On Thanksgiving last Thursday we had a tiny party with my closest friend early in the afternoon, then went to a big party at another friend's in the evening. My preferred socialization is having a deep conversation with a close friend who enjoy theoretical discussions. I would argue that I'm not anti-social. I host big parties every week -- yoga classes. My Sunday Flow class is similar to a church service. Regular participants congregate and move together physically and soulfully through our collective intention. The familiar and holistic context promotes a deep social connection. The class is often packed due to its active nature. Over the years of teaching my fear of public speaking and social anxiety in different contexts have greatly been relieved. However, the teaching and gathering can't change my personality. I'm most comfortable being alone or with a very few close friends.
Having space around you physically and in you psychologically allows for the patterns and big picture to emerge. I gather the ideas, theorize internally, and put the theories into tangible physical practices to share publicly. Some, like my husband, find it easy to relax in a large party while making small or large talks and taking it all in. He has shown me how fascinating and enjoyable it is to start a conversation with anyone by asking them questions about themselves. Everybody is an expert of their own lives. I find inspirations from all kinds of life stories. Whatever your style of self-optimization it's helpful to know that one isn't better than the others. We each have a unique way of approaching life and contributing to each other. None of us is immune to life challenges. We need the social support to cope with the current and future social ills, physical and emotional dis-eases, old age, and mortality.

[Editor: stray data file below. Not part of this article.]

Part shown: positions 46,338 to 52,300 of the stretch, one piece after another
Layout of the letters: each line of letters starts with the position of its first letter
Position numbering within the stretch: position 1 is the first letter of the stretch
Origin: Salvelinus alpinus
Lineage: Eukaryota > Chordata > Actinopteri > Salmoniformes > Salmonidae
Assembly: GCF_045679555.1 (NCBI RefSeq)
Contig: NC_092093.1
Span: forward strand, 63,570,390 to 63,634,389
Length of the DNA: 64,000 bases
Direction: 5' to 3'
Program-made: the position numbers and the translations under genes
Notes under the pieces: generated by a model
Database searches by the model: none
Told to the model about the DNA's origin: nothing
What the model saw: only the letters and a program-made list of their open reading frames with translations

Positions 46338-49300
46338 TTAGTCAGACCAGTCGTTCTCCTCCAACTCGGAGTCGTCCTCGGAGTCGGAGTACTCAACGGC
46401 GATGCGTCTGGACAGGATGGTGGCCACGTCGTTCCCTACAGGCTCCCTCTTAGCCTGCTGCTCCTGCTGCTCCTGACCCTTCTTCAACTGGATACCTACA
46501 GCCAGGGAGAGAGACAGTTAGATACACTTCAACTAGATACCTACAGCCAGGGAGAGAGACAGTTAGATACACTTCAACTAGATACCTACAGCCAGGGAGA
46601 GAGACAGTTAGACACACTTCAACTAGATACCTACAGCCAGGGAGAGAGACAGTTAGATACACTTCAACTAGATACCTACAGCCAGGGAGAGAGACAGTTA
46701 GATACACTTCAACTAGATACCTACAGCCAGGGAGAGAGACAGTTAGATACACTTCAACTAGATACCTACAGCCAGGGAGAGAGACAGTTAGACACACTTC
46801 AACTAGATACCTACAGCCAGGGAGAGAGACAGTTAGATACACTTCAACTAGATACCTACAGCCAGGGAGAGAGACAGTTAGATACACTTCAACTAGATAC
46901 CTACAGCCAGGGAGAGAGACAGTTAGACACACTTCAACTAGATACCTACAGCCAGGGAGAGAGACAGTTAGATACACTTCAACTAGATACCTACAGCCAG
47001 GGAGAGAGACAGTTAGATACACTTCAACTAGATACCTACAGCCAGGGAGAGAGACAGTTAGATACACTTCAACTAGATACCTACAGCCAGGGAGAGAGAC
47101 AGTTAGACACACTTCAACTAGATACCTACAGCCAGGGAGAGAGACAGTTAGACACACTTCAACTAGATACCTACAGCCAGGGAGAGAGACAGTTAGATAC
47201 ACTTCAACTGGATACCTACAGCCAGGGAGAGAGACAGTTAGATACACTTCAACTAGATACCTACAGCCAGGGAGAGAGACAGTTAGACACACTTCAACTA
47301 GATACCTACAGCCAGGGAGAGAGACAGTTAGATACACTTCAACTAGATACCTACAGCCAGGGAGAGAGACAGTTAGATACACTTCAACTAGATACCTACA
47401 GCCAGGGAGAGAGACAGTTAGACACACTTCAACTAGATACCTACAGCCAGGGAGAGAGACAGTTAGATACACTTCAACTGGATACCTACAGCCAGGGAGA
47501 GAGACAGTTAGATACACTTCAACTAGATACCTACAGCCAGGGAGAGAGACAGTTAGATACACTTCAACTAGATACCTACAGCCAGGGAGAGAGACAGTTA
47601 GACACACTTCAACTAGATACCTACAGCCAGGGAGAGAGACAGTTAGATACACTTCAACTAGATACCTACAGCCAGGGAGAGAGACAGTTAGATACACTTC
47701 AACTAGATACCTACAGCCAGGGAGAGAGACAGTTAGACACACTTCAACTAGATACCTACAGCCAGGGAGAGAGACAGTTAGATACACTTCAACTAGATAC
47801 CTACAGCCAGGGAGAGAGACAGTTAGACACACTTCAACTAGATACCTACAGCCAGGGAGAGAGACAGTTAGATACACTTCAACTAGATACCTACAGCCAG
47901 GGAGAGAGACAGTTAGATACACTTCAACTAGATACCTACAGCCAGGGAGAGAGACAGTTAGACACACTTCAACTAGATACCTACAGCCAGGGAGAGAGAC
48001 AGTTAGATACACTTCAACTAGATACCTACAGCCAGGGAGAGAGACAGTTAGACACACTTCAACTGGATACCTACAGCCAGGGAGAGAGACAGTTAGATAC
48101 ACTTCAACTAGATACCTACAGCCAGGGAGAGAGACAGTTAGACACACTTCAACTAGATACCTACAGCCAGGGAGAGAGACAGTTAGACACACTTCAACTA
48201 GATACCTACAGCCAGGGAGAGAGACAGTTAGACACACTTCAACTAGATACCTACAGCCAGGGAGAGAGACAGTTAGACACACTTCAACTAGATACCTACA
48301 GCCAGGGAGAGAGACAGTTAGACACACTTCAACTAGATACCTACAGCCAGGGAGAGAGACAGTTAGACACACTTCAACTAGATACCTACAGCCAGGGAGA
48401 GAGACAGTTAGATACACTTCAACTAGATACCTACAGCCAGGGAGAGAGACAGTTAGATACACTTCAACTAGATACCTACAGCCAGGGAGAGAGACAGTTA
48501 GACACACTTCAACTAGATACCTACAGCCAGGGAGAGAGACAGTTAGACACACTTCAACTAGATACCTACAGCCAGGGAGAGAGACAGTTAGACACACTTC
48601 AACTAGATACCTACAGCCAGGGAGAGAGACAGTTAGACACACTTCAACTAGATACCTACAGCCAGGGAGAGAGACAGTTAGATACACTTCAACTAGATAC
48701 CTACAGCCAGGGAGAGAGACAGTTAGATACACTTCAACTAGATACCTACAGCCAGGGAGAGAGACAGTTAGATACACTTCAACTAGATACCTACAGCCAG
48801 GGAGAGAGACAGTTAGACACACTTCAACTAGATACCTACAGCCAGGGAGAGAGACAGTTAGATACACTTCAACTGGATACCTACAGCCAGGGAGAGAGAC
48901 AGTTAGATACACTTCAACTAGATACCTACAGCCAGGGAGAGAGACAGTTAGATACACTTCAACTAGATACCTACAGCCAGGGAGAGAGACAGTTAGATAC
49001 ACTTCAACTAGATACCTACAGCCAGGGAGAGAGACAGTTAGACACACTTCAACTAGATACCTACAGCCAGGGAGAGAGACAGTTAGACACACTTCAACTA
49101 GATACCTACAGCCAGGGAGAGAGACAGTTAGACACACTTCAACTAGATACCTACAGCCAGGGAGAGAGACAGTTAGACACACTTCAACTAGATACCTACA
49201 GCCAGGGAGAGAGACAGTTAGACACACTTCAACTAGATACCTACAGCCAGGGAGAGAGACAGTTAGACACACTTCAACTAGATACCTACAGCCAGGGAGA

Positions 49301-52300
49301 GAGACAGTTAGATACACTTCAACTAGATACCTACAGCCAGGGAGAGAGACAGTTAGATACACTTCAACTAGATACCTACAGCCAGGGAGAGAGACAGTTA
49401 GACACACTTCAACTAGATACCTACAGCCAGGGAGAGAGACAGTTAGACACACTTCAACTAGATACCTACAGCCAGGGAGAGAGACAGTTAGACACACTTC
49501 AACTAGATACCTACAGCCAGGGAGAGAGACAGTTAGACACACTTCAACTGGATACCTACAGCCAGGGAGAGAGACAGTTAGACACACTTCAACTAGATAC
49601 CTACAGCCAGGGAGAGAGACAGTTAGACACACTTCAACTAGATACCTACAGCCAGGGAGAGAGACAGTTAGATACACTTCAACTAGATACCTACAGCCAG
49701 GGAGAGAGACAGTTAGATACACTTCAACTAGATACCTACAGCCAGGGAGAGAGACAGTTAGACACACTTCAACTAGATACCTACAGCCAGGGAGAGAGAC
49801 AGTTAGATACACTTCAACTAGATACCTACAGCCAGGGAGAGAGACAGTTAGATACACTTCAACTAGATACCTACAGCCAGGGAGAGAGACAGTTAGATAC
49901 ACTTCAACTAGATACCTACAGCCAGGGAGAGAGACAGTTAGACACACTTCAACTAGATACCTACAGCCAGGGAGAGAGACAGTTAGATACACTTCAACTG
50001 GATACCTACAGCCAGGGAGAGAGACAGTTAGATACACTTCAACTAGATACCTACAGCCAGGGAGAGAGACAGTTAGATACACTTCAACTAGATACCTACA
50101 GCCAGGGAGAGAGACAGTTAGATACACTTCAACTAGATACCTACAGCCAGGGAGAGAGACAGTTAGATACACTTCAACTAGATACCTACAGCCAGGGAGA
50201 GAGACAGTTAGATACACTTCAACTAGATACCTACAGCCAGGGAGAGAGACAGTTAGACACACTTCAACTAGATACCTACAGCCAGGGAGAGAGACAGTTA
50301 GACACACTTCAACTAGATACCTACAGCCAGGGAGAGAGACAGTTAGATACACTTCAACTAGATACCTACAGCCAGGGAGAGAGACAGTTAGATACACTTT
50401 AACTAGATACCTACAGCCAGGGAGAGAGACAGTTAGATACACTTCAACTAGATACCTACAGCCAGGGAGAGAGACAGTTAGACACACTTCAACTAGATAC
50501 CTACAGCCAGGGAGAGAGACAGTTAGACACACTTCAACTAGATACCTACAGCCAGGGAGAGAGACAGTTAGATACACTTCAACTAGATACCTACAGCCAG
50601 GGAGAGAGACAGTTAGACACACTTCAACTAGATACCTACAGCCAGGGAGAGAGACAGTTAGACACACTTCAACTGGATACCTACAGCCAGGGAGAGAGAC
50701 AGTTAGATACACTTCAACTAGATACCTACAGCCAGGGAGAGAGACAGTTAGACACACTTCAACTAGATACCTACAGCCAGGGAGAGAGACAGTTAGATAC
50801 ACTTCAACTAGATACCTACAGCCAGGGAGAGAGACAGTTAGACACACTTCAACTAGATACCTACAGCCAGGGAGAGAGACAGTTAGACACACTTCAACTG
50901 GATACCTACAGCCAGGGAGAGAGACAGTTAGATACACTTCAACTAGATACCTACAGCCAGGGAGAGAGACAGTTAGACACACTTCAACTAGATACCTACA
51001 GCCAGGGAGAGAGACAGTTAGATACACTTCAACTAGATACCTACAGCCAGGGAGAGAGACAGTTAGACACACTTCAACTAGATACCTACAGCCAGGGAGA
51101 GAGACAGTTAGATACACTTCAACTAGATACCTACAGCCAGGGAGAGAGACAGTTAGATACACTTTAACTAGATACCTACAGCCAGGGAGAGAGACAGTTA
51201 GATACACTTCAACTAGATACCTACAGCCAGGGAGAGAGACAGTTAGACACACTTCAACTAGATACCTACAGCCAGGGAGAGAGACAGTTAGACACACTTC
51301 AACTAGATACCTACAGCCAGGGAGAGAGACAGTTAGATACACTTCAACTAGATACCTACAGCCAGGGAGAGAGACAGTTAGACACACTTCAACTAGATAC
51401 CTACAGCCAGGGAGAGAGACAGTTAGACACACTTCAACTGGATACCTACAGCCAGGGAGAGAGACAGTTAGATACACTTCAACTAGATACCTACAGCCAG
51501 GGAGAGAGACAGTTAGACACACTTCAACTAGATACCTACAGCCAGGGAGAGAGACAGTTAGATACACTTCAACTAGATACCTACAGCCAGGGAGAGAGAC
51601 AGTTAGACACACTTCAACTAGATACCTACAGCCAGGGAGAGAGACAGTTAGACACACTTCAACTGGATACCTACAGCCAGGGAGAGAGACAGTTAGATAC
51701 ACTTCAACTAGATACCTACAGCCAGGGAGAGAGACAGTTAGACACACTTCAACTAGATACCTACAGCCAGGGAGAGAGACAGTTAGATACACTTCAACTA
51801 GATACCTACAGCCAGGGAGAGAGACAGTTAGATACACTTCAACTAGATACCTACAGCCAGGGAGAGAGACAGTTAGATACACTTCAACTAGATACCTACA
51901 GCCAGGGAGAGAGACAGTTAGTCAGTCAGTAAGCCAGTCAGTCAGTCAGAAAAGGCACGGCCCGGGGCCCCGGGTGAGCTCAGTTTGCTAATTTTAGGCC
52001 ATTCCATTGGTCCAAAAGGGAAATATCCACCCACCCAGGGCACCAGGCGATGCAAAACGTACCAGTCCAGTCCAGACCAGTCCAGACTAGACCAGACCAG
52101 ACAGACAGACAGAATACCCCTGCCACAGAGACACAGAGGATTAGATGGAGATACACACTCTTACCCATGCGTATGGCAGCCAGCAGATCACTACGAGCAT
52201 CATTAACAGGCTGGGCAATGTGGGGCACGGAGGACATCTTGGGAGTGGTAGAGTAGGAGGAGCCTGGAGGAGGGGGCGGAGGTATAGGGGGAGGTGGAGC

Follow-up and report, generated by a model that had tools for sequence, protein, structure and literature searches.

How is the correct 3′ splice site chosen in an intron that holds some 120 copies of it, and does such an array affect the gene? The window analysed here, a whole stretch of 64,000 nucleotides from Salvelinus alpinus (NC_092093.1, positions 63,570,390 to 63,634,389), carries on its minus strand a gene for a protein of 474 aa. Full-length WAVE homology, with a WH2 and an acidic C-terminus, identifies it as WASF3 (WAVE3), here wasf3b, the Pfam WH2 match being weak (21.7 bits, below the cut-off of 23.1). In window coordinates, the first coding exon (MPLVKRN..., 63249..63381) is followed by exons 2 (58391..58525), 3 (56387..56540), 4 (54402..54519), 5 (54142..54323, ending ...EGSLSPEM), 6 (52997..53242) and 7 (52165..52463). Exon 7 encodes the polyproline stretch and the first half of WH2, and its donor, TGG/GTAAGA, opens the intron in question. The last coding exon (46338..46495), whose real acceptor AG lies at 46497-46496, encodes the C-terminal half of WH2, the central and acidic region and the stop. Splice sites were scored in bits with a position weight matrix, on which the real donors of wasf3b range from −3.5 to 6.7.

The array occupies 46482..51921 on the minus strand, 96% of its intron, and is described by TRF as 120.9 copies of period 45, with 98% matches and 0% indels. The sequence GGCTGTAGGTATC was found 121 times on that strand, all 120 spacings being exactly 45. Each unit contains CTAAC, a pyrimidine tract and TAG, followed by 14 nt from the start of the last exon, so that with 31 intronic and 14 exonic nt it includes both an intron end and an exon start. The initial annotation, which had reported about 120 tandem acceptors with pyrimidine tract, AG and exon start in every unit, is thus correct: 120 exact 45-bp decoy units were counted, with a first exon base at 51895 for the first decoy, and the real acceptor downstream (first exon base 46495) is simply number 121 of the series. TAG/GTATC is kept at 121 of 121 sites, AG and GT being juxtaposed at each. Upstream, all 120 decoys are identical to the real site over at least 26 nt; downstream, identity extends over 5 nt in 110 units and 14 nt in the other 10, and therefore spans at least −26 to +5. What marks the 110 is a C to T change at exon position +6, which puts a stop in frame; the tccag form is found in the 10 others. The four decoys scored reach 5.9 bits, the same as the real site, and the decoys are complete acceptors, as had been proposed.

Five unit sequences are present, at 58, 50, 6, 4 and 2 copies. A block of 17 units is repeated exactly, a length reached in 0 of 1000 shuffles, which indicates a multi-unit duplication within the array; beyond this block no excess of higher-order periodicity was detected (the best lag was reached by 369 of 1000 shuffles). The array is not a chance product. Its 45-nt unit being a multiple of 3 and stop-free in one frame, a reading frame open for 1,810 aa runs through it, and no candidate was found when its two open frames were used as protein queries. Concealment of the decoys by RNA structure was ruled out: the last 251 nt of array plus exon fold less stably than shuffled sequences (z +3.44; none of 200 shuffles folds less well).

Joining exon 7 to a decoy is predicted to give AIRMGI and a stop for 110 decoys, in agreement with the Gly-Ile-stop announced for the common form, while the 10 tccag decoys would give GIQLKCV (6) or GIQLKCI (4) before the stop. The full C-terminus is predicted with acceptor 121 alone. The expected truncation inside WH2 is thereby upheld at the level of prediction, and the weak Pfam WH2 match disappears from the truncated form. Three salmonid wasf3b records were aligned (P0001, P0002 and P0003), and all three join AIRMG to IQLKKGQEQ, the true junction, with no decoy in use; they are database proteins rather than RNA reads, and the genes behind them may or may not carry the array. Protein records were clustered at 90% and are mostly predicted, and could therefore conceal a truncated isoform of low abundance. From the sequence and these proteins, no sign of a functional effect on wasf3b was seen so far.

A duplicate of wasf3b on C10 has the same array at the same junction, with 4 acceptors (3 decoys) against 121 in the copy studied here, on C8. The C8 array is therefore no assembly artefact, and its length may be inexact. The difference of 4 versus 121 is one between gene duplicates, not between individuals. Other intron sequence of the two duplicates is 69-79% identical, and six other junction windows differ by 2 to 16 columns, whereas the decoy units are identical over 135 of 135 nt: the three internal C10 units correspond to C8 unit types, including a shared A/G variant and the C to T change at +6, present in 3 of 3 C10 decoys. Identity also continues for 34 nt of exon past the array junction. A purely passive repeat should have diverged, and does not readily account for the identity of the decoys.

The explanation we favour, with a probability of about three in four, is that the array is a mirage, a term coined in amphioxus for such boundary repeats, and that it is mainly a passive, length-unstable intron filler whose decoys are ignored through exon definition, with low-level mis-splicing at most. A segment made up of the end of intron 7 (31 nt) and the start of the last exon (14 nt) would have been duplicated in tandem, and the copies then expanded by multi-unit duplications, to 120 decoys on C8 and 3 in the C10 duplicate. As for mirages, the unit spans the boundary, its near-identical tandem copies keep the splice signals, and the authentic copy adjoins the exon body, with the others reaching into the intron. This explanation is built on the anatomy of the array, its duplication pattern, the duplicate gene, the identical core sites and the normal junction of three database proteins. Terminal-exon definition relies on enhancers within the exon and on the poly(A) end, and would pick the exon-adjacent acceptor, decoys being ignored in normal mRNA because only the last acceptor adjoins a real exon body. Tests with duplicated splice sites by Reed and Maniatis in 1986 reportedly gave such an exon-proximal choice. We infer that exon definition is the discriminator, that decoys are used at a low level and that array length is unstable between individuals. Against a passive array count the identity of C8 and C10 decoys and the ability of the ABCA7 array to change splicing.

Our learning style is embodied and expressed both actively to connect us with others and passively to nourish us within. The recognition that the desire to improve causes the perception of inadequacy is completed by the realization that self-improvement is the most natural expression of change which is the motivation for life. Self-help isn't a choice. It's the most vital aspect of living, without which there would be little or no desire for the continuation of life. If you aren't living, you are dying. To live is to learn. The motivation to improve is both the acceptance and refusal of imperfection. It means there is no end to learning. The desire to ameliorate naturally extends beyond the personal well-being. Wellness is both the cause and result of others' well-being. The superior complex lies under the humble visage. We findinspiration, motivation and optimism in the desire to improve and perfect.